2013: Idea Factory International
Idea Factory established their International branch, Idea Factory International. IFI’s first localised otome is Amnesia: Memories (2015).
2010s: Fans Step Up to Patch
Fan translation groups produce unofficial English patches for popular unlocalised otome. Early projects include Starry☆Sky ~in Spring~ (2010) and Tokimeki Memorial Girl’s Side 1st Love Plus (2010). Obviously a legally grey area, some projects received cease and desist notices. Fan translation continues to date but the overall number of completed projects remains low, which is unsurprising considering the various obstructions and amount of work it involves for enthusiasts.
While coordinated fan translation groups appear to have declined, a new community for fan translation was established in 2019 under the name, Otogelib. Compared to traditional translation groups, Otogelib operates on a voluntary basis. Volunteers freely contribute in translating/processing a library of game scripts in the short or long term. As a more fluid endeavour, projects are not guaranteed completion. Otogelib seems to have roughly seven active projects ongoing in 2021.
2010s: Bloggers Unite
From the early 2010s, we see the creation of various blogs devoted to otome content. Many focus on localised Japanese games, OELVN, or mobile games (or a combination of these). A few specialise in unlocalised Japanese titles. Two of the most popular and prolific sites for otome news and developer updates were established in this early period:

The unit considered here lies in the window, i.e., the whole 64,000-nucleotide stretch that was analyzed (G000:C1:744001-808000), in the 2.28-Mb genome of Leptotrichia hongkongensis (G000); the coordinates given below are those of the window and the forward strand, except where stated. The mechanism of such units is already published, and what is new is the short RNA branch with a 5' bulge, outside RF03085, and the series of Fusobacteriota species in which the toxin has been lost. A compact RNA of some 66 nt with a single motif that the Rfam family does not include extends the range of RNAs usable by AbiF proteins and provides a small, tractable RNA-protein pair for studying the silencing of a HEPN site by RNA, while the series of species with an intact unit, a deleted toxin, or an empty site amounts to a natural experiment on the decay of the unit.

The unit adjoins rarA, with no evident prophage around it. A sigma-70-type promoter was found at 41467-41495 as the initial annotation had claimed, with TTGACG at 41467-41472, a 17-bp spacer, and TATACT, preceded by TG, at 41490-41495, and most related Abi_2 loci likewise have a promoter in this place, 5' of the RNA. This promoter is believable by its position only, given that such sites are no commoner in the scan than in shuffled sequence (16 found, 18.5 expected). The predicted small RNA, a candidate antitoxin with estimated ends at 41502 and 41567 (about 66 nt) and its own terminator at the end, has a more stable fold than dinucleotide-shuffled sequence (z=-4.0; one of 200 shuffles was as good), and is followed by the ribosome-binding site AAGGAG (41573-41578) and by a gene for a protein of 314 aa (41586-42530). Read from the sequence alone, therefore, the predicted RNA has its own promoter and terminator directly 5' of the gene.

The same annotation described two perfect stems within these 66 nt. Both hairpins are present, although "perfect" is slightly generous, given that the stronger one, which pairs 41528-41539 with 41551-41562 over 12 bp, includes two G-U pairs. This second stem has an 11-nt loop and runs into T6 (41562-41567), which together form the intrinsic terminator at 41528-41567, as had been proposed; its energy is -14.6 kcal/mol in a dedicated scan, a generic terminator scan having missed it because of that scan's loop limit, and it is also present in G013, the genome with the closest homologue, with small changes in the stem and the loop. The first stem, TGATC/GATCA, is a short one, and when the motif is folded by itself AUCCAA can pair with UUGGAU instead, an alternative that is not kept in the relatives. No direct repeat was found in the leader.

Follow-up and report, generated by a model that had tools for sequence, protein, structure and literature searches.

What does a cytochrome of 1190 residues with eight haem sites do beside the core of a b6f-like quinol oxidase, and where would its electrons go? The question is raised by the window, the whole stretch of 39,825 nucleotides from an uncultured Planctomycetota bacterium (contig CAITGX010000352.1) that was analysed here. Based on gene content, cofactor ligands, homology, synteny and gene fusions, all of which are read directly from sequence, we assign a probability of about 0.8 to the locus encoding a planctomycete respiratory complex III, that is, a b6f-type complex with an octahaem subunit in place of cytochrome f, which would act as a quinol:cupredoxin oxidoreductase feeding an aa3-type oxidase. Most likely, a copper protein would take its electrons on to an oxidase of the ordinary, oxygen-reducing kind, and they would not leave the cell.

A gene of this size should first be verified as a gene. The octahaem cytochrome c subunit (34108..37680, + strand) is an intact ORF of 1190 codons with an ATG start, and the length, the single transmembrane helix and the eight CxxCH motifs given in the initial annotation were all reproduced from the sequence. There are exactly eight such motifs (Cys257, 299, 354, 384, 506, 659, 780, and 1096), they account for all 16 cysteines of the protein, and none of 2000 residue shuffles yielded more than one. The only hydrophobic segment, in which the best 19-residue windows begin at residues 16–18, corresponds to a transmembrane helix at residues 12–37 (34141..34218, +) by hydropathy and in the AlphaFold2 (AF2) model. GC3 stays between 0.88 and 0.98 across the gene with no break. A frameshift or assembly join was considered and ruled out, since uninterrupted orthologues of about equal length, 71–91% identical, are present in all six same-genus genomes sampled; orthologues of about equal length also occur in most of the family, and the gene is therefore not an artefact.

English Otome Games was set up in 1998 but regularly posted about otome from 2011. The blog initially covered Japanese official and unofficial localisations and early OELVN pioneers.
OtomeSweetheart began in 2012, focusing on OELVN releases and mobile otome.
Tumblr was popular for these early blogs, although the platform has fallen out of fashion since its user base rapidly decreased in the late 2010s. To my knowledge, the majority of currently active blogs tend to be self-hosted or wordpress-hosted sites.
2010s: Trending Otome
2011: A fan community for otome games was created on Reddit. r/otomegames currently has over 54k members. Subscriber counts have grown rapidly since 2019:
r/RainbowOtome, a community focusing on LGBTQ+ romance visual novels was created in December 2020 and has ~400 members.
The Otome Amino community has 30,000+ members. Compared to r/otomegames, the Amino community is more informal with less discussion and moderation. Short-form text and image posts, quizzes/polls, and challenges are encouraged.
2016: #OtomeArmada is used for the first time on Twitter by Aksys Games, who uses it to engage with and poll otome fans. This lines up with when they started to release more otome games yearly. The hashtag was quickly adopted by the community and is widely used to date. Twitter, in particular, remains the ideal platform for localisers, developers, and community voices to advertise products and drive engagement.